The Morning Economic Report | WYPR

The Morning Economic Report

Monday-Friday at 7:33 am

Anirban Basu, Chairman Chief Executive Officer of Sage Policy Group (SPG), is one of the Mid-Atlantic region's leading economic consultants.  Prior to founding SPG he was Chairman and CEO of Optimal Solutions Group, a company he co-founded and which continues to operate. Anirban has also served as Director of Applied Economics and Senior Economist for RESI, where he used his extensive knowledge of the Mid-Atlantic region to support numerous clients in their strategic decision-making processes.  Clients have included the Maryland Department of Transportation, St. Paul Companies, Baltimore Symphony Orchestra Players Committee and the Martin O'Malley mayoral campaign.

He is the author of numerous regional publications including the Mid-Atlantic Economic Quarterly and Outlook Maryland. Anirban completed his graduate work in mathematical economics at the University of Maryland.  He earned a Masters in Public Policy from Harvard University in 1992.  His Bachelors in Foreign Service is from Georgetown University and was earned in 1990.

Healthcare Spending

Mar 7, 2017
RyanWhiteHealth/flickr

For years, various agencies have been striving to reduce America’s health-related expenditures. Despite those efforts, a recent report from nonpartisan experts at Health and Human Services concludes that healthcare spending will continue to claim an expanding share of national resources for the foreseeable future – and that’s regardless of what the new president and congress do with the Affordable Care Act. 

Anirban has more of the story. 


David J/flickr

If people expect an economy to expand slowly, then that economy is likely to expand slowly. In other words, expectations are likely to become self-fulfilling prophecy. This is the conclusion of a new paper authored by three economists. As reported by The Wall Street Journal, the economists, including Olivier Blanchard from the Peterson Institute for International Economics, generate key insights relative to productivity.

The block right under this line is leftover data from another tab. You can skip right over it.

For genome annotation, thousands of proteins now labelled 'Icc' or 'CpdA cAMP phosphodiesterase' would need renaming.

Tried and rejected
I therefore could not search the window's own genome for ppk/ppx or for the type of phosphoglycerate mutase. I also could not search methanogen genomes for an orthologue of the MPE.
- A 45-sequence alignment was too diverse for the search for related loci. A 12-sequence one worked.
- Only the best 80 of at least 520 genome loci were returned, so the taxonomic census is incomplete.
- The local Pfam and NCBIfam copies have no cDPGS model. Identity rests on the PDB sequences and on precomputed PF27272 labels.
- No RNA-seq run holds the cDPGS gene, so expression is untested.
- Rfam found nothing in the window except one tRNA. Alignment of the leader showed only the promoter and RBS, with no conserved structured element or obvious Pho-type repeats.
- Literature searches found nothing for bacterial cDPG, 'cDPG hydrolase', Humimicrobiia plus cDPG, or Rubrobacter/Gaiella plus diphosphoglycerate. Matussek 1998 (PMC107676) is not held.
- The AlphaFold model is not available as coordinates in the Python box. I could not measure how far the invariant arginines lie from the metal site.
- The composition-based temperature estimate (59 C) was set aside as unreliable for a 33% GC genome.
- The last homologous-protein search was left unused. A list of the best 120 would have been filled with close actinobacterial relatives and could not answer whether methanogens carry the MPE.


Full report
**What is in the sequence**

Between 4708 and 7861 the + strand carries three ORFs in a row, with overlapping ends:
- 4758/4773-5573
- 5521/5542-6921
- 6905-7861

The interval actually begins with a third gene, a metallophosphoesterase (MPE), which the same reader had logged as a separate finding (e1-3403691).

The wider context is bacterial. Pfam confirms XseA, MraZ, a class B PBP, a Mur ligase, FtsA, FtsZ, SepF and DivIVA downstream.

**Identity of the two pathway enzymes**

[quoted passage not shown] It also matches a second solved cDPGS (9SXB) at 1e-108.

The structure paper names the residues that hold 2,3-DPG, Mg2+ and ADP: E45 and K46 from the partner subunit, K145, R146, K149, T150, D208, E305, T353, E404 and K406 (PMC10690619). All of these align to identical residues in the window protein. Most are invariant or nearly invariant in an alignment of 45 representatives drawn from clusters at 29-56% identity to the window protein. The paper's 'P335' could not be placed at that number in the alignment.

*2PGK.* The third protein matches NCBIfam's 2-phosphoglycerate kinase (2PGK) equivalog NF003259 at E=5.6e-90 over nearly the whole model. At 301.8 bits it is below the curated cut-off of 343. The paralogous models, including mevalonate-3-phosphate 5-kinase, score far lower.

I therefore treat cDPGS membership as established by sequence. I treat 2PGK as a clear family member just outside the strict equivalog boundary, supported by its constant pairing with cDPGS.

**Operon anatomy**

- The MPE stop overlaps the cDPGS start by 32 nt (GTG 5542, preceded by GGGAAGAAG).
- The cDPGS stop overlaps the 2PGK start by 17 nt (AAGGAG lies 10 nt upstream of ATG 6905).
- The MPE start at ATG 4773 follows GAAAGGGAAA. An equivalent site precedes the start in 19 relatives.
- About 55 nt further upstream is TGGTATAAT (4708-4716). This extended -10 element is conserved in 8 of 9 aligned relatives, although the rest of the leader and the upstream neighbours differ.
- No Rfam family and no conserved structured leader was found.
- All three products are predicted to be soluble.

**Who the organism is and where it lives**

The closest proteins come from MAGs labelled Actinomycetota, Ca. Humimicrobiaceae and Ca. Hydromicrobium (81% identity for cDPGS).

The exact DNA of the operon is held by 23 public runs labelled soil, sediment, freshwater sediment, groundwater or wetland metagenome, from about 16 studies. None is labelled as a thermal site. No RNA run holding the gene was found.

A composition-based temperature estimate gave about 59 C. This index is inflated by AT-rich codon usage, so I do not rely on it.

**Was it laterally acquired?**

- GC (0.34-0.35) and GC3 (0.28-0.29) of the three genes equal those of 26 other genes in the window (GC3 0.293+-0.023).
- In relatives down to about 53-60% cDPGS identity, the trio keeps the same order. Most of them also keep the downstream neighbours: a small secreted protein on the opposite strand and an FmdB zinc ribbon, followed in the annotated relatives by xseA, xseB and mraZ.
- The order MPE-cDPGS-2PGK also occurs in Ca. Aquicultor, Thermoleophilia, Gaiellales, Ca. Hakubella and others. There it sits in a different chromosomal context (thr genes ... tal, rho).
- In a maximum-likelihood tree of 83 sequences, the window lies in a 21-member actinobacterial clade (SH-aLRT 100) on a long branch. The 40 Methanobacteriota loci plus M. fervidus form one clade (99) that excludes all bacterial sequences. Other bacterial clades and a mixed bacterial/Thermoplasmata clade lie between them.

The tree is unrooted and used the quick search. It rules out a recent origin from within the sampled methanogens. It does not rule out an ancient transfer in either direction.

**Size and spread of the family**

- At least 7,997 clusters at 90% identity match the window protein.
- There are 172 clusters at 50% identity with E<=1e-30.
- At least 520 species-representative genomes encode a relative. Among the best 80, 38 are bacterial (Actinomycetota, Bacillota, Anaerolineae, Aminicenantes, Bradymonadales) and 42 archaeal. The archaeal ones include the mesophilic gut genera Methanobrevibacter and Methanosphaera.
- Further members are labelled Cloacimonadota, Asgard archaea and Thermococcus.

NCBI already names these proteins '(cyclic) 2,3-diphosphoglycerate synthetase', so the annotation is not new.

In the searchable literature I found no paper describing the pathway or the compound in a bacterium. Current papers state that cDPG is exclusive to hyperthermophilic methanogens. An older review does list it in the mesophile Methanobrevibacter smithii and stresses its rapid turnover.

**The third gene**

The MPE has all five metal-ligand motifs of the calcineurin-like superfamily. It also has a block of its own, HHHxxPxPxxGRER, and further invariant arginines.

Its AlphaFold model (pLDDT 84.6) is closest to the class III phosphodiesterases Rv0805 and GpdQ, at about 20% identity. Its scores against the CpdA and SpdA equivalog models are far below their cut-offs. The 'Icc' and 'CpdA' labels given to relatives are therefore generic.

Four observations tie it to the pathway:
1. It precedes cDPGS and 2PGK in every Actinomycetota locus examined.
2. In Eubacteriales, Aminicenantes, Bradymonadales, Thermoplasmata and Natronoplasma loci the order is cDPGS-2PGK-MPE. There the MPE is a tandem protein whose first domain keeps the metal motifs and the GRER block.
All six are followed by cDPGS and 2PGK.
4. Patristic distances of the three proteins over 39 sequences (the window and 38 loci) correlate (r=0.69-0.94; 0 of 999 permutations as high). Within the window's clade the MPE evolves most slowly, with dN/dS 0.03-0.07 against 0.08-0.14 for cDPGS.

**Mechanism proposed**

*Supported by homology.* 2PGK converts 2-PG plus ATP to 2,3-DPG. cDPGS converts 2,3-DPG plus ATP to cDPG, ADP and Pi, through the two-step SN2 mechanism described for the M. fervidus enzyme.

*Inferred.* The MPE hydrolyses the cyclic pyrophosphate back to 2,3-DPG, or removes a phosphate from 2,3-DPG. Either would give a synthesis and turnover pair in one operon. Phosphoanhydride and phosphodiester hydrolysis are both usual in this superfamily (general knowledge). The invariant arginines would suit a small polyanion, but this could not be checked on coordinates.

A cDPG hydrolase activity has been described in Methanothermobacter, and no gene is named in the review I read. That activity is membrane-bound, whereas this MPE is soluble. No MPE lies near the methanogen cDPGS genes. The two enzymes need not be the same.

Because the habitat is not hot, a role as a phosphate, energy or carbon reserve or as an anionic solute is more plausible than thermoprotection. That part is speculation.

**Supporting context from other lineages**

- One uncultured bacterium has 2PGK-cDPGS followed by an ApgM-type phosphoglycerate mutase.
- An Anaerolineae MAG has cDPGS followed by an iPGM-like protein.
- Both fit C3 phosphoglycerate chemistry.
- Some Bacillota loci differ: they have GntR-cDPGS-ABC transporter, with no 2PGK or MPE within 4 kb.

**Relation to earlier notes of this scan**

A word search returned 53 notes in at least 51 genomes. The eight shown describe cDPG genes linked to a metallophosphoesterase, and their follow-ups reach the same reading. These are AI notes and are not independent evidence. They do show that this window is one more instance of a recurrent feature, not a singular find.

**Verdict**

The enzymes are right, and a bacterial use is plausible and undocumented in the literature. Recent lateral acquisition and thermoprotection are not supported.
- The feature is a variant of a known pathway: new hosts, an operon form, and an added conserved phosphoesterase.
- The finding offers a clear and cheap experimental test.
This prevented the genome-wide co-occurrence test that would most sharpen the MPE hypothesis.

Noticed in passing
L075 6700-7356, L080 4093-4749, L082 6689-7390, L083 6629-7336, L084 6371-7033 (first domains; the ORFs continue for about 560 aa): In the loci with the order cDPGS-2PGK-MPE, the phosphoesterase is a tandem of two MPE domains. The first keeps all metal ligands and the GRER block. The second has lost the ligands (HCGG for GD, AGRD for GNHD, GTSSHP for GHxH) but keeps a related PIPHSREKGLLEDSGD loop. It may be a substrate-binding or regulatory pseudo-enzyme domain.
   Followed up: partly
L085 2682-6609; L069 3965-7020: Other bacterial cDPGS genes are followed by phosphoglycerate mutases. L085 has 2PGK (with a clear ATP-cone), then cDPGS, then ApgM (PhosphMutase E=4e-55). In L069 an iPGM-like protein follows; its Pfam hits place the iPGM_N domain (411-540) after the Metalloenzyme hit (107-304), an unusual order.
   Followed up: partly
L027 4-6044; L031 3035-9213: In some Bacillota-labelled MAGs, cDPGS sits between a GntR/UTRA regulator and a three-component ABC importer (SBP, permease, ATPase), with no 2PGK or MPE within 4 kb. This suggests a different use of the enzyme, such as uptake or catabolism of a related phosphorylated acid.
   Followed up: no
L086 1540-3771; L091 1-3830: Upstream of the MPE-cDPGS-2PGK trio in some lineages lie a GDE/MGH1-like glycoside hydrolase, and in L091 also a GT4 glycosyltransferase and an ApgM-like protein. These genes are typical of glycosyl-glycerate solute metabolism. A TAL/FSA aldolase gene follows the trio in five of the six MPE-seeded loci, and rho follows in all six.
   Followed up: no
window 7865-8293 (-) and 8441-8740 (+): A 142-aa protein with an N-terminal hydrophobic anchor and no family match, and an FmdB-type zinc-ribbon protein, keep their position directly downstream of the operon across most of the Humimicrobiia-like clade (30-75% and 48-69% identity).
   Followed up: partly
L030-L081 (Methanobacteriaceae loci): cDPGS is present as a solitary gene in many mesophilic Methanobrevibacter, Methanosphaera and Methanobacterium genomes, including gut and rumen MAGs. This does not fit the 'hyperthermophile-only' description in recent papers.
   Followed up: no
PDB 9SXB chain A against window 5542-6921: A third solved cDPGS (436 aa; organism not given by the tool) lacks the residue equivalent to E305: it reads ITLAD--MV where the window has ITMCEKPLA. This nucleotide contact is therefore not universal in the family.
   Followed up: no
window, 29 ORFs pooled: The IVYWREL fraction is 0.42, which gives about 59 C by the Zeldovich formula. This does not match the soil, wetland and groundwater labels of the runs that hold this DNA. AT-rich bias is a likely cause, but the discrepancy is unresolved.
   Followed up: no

Anirban has more of the story. 


amy gizienski/flickr

Let’s face it – living near your parents isn’t altogether fashionable. Often, the people who we consider as among the most successful are those who moved far away, perhaps to exotic locales like Singapore or Sydney or to American commercial centers like Wall Street or Silicon Valley. But recent research indicates that sometimes it’s best to stay close to mommy and daddy.  

Anirban has more of the story. 


Sean MacEntee/flickr

There are plenty of items that are becoming more expensive, whether healthcare, apartments, gasoline, or homes. But occasionally, one will come across a product or service category in which prices are falling.  Air travel is perhaps poised to be one of those categories.  

Anirban has more of this story.


When the price of gasoline or food goes up, we usually view that as bad. If the prices of goods and services rise too rapidly, it is expected that the Federal Reserve will clamp down on money supply to keep inflation in check. But when the price of homes rises, that’s often discussed in the context of economic improvement. 

Anirban has more on this story. 


Inflation

Feb 28, 2017
Jon Welsh/flickr

Inflation is beginning to emerge. The prices Americans pay for goods and services surged last month by the largest amount in four years, reflecting in part a rebound in the cost of gasoline.

Anirban has more on this story. 


cjuneau/flickr

In the ongoing debate regarding immigration, one argument put forward for limiting immigration is that reductions in the supply of foreign labor will lead to higher wages among native-born Americans. New research indicates that this equation for improved labor market outcomes isn’t quite so simple. As reported by The Wall Street Journal, a team of economists has analyzed the mid-century Bracero program, which allowed nearly half a million seasonal farm workers per year into the U.S. from Mexico.

GDP

Feb 27, 2017
AP Photo/Mark Lennihan

Last year, the U.S. economy expanded just 1.6 percent in terms of gross domestic product or GDP. 2016 will go down as yet another year of tepid growth. But there are a growing number of economists who are expressing skepticism about the accuracy of the GDP measure.

Karen/flickr

When many of us were growing up, it was quite customary for someone to be on strike. Over time, the strike or work stoppage has become a rarely used instrument for labor unions to extract better treatment from employers or higher levels of compensation. According to data recently made available by the U.S. Labor Department, fewer major work stoppages occurred over the past ten years than occurred each year from 1947 to 1981.

Jo Sau/flickr

There has certainly been much concern expressed about the declining economic circumstances of American men in recent decades. But American men are hardly alone in facing adversity. The Resolution Foundation, a British think tank, has published new research indicating that British men born between 1981 and 2000 will earn $12,500 pounds less in their twenties than Generation X men.

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